President Barack Obama and President-elect Donald Trump shake hands following their meeting in the Oval Office of the White House in Washington on Nov. 10.

President Barack Obama and President-elect Donald Trump shake hands following their meeting in the Oval Office of the White House in Washington on Nov. 10. AP Photo/Pablo Martinez Monsivais

Trump’s Unusual Transition Keeps Good-Government Groups Guessing

Shifting personnel and secrecy complicate efforts by longtime experts to provide guidance.

The Trump transition team was scheduled to be represented on a panel at the fall meeting of the National Academy of Public Administration in Arlington, Va., on Thursday, but that didn’t happen.

At the last minute, Ado Machida, a lobbyist and former staff member for Vice President Dick Cheney during the George W. Bush administration, emailed his regrets to the meeting organizers. Machida, who since September has been the Trump campaign’s director of policy, was called to New York, NAPA president Dan Blair told Government Executive.

So his slot on the panel was filled by Towson University political scientist and transition expert Martha Joynt Kumar, who gave some detailed history and insider evaluations of a transition that has been marked by secrecy and unclear lines of authority. She suggested the current transition “is working differently” than expected, citing the delay in signing a key memorandum of understanding on confidentiality with the Obama White House that delayed progress toward appointments and newcomer orientations.

NAPA, one of several nonprofits that have labored for a year or more to help make the 2016 presidential transition the smoothest in history, soldiered on. “This is a lot more challenging transition coming off a tough campaign, with uncertainty,” said the NAPA meeting’s program chair Gary Glickman, a veteran of the Treasury Department and Office of Management and Budget.

During the meeting, NAPA released its long-planned collection of 25 Memos to National Leaders, addressed to the new administration and next Congress with proposals for action in managing government, strengthening policy leadership, managing across agency boundaries, sharpening government tools and increasing government’s capacity to manage complex policy.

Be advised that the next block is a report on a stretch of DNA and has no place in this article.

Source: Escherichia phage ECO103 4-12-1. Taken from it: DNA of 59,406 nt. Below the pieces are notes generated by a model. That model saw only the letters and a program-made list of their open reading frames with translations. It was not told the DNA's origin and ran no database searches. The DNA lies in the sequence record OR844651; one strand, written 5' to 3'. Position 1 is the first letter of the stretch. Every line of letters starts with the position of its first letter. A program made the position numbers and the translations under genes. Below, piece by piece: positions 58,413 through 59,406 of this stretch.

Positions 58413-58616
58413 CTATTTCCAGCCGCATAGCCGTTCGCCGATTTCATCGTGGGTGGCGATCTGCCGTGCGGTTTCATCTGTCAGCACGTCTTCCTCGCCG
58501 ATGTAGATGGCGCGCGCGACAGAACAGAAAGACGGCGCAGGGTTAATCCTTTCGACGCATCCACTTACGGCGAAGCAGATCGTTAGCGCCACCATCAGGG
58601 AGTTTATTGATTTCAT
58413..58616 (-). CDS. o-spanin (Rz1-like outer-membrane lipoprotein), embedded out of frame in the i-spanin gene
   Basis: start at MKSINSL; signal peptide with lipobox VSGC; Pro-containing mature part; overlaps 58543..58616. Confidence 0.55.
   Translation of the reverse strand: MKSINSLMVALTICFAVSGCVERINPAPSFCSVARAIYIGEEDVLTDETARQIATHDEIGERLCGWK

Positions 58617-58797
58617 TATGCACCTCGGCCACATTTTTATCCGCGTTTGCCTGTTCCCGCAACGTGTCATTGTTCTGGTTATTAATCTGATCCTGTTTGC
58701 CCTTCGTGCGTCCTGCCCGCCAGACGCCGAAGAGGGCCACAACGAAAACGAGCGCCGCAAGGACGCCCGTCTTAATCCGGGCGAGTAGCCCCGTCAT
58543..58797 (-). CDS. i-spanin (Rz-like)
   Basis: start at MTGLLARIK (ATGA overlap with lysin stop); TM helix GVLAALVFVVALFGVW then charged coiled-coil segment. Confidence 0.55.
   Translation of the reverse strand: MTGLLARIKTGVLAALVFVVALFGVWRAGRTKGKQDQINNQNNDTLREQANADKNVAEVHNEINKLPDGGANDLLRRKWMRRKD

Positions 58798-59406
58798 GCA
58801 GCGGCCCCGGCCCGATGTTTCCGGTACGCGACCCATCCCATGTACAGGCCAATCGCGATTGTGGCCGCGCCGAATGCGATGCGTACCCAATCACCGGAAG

Nearly simultaneously, however, the Trump transition team was holding the first of what will be regular morning press calls doling out details on developments that are a mystery to many students of transition in the good-government community.

Speaking on a NAPA panel was Linda Springer, a veteran of the White House budget office who was Office of Personnel Management director from 2005-2008. Though Springer’s name appeared last week on a Trump transition organization chart as a possibility to head Trump’s Office of Management and Budget, she declined to explain her position to Government Executive, confining her panel remarks to long-planned thoughts on a new book offering advice to new federal employees, The Presidential Appointee’s Handbook by G. Edward DeSeve.

The Trump press team, led by Sean Spicer and Jason Miller, on Thursday’s call announced the latest list of notables meeting with the president-elect, calling them “top-shelf people” of whom many will be Cabinet officials. “Only Donald Trump can bring these high-caliber, quality people” to Washington, they said.

In a move long-awaited by agency employees planning the transition, the Trump press team also  announced that the transition “landing teams” were being launched on Thursday, grouped into agency “buckets” for national security, economics and domestic issues. The national security landing team is set to begin meeting with agency employees on Friday, they said.